Archeologists may have found King Arthur’s round table in Scotland.
The new survey — funded by Historic Scotland and Stirling City Heritage Trust — used the latest scientific techniques to showing lost structures and features up to a metre below the ground. It also revealed a series of ditches south of the main mound, as well as remains of buildings, and more recent structures, including modern drains which appear at the northern end of the gardens.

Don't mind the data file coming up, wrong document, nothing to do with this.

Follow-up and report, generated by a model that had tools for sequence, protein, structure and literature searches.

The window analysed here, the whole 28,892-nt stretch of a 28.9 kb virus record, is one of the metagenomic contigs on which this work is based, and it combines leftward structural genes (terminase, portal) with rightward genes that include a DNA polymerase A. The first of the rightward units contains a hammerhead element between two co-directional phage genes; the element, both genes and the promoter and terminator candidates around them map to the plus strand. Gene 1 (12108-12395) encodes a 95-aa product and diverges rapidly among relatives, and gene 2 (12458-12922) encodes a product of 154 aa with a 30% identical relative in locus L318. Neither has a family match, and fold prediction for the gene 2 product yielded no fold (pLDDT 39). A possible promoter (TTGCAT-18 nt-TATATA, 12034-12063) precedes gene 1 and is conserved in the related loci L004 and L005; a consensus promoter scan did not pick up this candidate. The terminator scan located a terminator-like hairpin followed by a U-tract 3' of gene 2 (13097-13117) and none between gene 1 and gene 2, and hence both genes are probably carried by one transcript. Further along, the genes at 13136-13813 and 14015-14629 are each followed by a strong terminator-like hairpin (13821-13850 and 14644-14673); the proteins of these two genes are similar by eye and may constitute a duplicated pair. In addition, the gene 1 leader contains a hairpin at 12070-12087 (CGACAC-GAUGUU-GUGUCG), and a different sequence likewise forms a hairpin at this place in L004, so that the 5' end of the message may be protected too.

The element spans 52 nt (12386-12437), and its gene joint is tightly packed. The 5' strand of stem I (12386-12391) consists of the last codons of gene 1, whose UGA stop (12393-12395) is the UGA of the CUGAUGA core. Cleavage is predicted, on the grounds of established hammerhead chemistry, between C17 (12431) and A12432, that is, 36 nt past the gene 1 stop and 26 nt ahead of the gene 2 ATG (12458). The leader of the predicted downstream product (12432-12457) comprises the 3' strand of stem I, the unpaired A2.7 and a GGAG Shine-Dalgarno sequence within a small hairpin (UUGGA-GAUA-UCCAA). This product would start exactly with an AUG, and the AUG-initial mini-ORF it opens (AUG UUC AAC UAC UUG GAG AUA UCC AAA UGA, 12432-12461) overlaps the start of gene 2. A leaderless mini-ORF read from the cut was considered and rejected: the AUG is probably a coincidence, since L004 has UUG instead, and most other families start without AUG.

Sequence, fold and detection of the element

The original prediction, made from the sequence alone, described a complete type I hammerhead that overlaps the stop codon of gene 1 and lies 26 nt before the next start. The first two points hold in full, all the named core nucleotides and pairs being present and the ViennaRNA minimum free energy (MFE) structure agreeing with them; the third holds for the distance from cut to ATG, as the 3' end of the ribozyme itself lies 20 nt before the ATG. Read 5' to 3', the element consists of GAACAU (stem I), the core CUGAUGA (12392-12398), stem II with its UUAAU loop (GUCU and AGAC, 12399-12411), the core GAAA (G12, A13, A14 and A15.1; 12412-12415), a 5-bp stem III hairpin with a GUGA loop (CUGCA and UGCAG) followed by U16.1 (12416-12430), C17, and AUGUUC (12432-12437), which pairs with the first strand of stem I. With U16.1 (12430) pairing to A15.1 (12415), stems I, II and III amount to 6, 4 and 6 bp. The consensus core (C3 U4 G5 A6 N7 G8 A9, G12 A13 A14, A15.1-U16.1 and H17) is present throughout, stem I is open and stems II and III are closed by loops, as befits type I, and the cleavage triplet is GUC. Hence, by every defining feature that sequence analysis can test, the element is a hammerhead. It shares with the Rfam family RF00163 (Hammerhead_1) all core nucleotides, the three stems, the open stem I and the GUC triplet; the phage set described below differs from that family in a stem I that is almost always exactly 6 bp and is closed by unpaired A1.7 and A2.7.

Mr Harrison, who has studied the King’s Knot for 20 years, said: “It is a mystery which the documents cannot solve, but geophysics has given us new insights. “Of course, we cannot say that King Arthur was there, but the feature which surrounds the core of the Knot could explain the stories and beliefs that people held.”